A glimpse into the work of one of the most acclaimed influencers of modern thinking.
Why I Am So Clever
This short and easy-to-digest booklet is part of Penguin’s Little Black Classics series, and is taken from Nietzsche’s Ecce Homo. The German philosopher and cultural critic wrote it before losing control of his mental faculties. He spent the last ten years or so of his life with his mental health waning.
Nietzsche wrote work that would go on to have a great influence on philosophy and the arts. In Why I Am So Clever he analyses and criticizes his own work and achievements. Aware of his accomplishments, Nietzsche praises but also mocks himself.
If you are new to his work then this 64-pages long book is a good introduction. It gives you a feel of what his work is about; his views and criticism of morality and religion.
I’ve never been interested in reading Shakespeare. Now, before Shakespeare disciples and doyens of all things literature come for me, I do have my own reasons.
I was not exposed or introduced to Shakespeare until later in life (in my twenties). I did African literature in high school and when it comes to literary legends, I’ve only been exposed to our own – Achebe, Soyinka, Thiong’o, Emecheta, Mphahlele and the likes. Although these are writers whose works are not as old as Shakespeare’s, these are the authors whose great works I was taught, have read and hold great respect for.
I recently had to discuss parody and pastiche in poststructuralist theatre, and I referred to Tom Stoppard’s Rosencrantz and Guildenstern Are Dead. This tragicomedy is a parody of Shakespeare’s Hamlet and so I had to read both to be able to conduct my analysis.
This loss of Shakespeare virginity was not as bad as most first times go. I did enjoy Hamlet and read it in such a short space of time, enjoying the plot, the writing itself, all the way to the end. However, I wasn’t as blown away as I was told I’d be, that if I read Shakespeare I’d discover the greatest works of all time. Whether you’ve read his work or not, we know that in the literary world, his work still holds great importance and relevance but personally I have read works that have left a greater impression on me.
It’s a preference thing, isn’t it? We can’t all fall deeply in love with Shakespeare’s work, we don’t have to. I’m pretty sure there are people who absolutely hate it, and then there are people like me who appreciate it as good writing but not the most mind-blowing work in history.
Another important thing is that to be interested in literature, to participate in it or to show an understanding of it, does not require an obsession, reverence and passion about Shakespeare.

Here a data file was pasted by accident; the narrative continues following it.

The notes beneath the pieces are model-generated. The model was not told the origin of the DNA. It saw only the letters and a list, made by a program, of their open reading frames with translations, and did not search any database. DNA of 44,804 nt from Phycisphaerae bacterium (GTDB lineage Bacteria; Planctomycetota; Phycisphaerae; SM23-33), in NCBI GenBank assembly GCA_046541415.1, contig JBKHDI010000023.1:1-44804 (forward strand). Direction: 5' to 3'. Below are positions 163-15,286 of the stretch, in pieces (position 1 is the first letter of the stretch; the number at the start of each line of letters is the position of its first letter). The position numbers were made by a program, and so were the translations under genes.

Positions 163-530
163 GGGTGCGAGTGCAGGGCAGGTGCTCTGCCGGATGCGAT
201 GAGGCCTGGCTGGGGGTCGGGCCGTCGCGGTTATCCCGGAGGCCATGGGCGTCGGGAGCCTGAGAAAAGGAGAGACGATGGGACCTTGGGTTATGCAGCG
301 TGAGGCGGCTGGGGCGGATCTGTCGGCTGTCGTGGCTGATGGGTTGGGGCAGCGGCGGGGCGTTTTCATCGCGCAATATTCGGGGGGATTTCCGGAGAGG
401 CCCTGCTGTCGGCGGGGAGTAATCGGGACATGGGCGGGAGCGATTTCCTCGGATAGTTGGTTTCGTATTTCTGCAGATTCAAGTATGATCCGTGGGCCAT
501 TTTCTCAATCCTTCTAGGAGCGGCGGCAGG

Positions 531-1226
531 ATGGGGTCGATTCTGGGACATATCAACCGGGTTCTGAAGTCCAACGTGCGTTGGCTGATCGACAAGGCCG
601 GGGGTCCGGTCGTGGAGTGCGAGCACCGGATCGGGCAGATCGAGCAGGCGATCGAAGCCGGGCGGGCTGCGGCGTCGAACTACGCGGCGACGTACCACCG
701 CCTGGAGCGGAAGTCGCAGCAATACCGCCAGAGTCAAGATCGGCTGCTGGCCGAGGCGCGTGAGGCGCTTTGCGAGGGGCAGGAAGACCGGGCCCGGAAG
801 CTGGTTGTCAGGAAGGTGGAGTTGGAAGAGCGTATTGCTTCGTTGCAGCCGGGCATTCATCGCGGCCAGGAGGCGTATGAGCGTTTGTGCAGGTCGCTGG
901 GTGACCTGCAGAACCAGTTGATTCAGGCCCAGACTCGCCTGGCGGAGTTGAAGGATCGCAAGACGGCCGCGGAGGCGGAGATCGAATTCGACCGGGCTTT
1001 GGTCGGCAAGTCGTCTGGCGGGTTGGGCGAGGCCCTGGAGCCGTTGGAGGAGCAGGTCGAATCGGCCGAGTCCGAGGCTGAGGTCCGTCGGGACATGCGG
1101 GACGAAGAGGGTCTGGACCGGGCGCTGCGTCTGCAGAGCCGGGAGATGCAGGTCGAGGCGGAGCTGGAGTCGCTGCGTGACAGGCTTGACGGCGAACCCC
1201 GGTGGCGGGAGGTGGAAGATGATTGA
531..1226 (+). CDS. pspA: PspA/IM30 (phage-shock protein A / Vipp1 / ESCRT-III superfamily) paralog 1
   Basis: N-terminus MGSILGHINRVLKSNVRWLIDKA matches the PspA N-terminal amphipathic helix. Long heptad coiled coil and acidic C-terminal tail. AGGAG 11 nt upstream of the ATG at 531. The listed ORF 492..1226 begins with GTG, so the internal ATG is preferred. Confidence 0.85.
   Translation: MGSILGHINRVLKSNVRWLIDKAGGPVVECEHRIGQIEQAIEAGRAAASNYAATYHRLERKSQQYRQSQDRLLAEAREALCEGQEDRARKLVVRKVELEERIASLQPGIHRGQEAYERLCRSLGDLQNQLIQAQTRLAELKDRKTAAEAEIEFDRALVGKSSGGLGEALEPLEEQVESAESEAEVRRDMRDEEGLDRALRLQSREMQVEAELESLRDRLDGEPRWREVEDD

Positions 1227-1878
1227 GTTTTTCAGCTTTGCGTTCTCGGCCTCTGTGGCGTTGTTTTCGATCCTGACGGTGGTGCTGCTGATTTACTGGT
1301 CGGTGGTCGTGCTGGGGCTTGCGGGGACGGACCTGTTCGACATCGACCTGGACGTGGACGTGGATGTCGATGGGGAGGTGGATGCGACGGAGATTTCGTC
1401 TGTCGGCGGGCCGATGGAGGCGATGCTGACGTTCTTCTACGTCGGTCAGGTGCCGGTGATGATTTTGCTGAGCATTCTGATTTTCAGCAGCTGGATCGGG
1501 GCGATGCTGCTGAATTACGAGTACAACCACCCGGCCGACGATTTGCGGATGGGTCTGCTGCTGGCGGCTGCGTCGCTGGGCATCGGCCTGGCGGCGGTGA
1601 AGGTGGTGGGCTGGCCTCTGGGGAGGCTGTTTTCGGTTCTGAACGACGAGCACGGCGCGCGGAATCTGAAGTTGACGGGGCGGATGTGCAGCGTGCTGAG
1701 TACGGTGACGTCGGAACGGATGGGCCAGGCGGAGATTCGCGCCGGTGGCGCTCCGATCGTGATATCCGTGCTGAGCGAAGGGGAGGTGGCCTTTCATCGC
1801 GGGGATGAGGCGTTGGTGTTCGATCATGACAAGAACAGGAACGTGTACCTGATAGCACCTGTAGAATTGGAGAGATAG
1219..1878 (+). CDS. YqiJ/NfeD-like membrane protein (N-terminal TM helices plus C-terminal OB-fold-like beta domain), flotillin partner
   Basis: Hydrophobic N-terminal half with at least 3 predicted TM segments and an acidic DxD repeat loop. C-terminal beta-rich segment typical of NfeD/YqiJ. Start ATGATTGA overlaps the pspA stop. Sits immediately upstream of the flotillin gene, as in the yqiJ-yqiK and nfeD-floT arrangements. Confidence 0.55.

After breaking my virginity, I might consider revisiting his work. Who knows, I might actually find something to go crazy about.
In the last week of January, I went to visit my girlfriend at work. I’d never been and didn’t know exactly who she worked for. After getting lost she decided to wait for me on the side of the road and we drove back to her workplace. She gave me a book and told me it was written by her employer and invited me in to meet him. Would I say no?
We walked into this beautiful, cosy and warm home, which was also where his office was. Behind the desk sat a friendly-looking octogenarian, with a walker next to his desk, which he explained was to help him move around since he had had an injury after a bad accident years ago. I thanked him for the book and told him I’d give him feedback.
I looked around the open space and against one side of the wall was a bookshelf and at the top sat a vintage film camera, and that’s when I fully understood the title of the autobiography in my bag – My Camera, My Life. Excited to see my girl after so long, I hadn’t really taken a proper look at it.
I had the privilege of sitting down with him behind his desk and go through the manuscript (from beginning to end) of his now published coffee table book that showcases his photographic oeuvre. Pages and pages that display his craft, energy, fear, bravery and how through his lens he ran a thread of politics, war, and celebrations of prominent political figures across the world.
Amongst many of the figures he photographed are Wangari Maathai, Jomo Kenyatta, Robert Mugabe, Julius Nyerere, Idi Amin, Kipchoge Keino, Mau Mau leaders, Tom Mboya, James Gichuru, Muammar Mohammed Gadaffi and Pele. These are only a few of the people whose photographs, stories and events he captured and who form a collection of work that made an incredible and legendary work of photographic and storytelling art.
On Monday, the 9th of March, Sir Mohinder Dhillon passed away after a short illness.
I am so grateful to have had that wonderful peek into his thrilling, 60-year long career in photojournalism and film documentary. It was a great experience to be around someone who lived so fully and with vigour and courage and has so much to show for it and to leave behind. I look forward to reading his biography, My Camera, My Life and the rest of his work.